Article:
Congress Stalls: Trump Administration Takes Command of Healthcare Reform

    View Authors October 2017
    The purpose of the Cost-Sharing Reduction (CSR) subsidies authorized by P.L. 111-148, the Patient Protection and Affordable Care Act (ACA), is to decrease out-of-pocket maximums and lower the amounts that qualified individuals pay for deductibles, copayments and coinsurance for marketplace enrollees with incomes below 250% of the poverty level. In 2014, the House of Representatives sued the Obama Administration on funding by the administration of the CSR payments, as Congress did not provide an explicit funding mechanism, called an appropriation. Former US House of Representatives Speaker John Boehner, who is now a senior strategic advisor at our firm, led the charge to file this lawsuit. Additionally, Congressman Jack Kingston, who is now a principal at our firm, played an integral role in questioning the constitutionality of the CSR payments as Chair of the House Appropriations Subcommittee on Labor, Health, and Human Services, and Education (LHHS).

    On May 12, 2016, the federal district court for the District of Columbia ruled that the Obama Administration could not constitutionally reimburse health insurers for the CSR subsidies. Although the CSR program is authorized by Congress, members of Congress opted not to appropriate funds for this specific purpose. The decision reinforced the long-standing position that no federal agency may use public monies from the Treasury unless Congress has made the funds available through appropriations as provided in the US Constitution.

    On October 12, 2017, after its review and acknowledgement of the May 2016 court ruling, the Trump Administration declared that it would immediately cease making CSR payments to health insurers. President Trump’s adherence to the court’s decision to halt CSR payments could result in additional negotiations between Congress and the White House to negotiate a short-term or long-term bill related to healthcare reform. On October 12, President Trump signed an Executive Order (EO) to reform the US healthcare system. Specifically, the order makes changes to Association Health Plans (AHPs), expands coverage through low-cost, short-term limited duration insurance (STLDI) and expands the use of employer-funded Health Reimbursements Arrangements (HRAs) accounts.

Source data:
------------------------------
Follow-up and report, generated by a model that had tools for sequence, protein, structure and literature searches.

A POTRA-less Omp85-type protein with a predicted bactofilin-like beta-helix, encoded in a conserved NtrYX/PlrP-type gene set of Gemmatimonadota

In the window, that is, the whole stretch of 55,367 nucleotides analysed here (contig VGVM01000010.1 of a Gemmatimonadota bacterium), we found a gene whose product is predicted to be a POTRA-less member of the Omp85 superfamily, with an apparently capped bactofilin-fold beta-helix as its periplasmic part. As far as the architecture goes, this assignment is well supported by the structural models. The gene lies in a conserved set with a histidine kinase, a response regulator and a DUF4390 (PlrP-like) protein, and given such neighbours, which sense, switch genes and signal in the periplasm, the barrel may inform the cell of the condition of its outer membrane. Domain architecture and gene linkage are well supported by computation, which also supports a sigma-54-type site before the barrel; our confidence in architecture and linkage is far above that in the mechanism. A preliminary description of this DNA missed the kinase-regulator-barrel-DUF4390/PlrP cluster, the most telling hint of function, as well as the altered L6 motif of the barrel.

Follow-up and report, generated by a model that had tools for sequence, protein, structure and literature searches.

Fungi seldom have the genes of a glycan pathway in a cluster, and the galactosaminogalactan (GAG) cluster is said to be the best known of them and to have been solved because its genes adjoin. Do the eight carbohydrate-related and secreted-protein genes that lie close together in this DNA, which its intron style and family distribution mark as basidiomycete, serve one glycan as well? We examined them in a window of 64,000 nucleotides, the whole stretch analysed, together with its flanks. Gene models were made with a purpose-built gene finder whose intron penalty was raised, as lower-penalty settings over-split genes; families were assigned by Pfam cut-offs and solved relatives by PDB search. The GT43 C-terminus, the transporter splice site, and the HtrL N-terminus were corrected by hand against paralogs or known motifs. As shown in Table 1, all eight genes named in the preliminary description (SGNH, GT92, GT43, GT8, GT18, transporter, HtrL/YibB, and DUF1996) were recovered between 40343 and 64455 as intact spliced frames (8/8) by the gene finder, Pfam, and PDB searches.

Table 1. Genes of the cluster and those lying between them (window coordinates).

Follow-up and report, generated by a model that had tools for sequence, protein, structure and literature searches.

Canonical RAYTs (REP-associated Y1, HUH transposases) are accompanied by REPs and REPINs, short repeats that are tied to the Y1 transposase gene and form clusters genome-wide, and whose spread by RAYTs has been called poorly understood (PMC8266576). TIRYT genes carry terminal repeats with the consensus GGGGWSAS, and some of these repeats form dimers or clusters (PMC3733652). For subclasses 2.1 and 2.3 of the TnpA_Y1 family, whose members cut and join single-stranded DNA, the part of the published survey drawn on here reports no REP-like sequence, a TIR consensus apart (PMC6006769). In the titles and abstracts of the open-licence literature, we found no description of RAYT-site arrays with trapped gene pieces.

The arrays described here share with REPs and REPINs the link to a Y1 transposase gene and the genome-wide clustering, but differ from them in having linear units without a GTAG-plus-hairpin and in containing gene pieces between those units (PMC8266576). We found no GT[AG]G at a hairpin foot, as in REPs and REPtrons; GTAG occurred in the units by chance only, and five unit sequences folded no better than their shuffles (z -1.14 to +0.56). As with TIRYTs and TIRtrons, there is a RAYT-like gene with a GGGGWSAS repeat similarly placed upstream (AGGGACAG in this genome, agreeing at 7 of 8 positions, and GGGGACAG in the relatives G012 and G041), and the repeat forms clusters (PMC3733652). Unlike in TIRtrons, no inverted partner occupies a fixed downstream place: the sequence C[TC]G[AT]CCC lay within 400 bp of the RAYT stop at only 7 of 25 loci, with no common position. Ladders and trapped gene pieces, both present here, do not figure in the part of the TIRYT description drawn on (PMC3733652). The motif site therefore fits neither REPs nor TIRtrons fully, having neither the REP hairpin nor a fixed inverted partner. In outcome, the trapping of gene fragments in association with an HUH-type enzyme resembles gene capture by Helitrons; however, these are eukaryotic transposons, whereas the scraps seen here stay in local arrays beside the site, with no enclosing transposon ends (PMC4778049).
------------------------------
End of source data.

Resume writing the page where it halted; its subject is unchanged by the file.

The recent changes by the Trump Administration could shift the political discussion surrounding healthcare reform, including the possibility for a short-term agreement on changes to the ACA. The true impacts of the EO will emerge as relevant departments issue rules and regulations pertaining to its implementation.

    We recognize these changes may affect our clients from a legal or policy prospective. Our Public Policy Healthcare group works closely with our lawyers to help clients understand and address issues. Please feel free to reach out to any of these contacts or your firm lawyer with questions.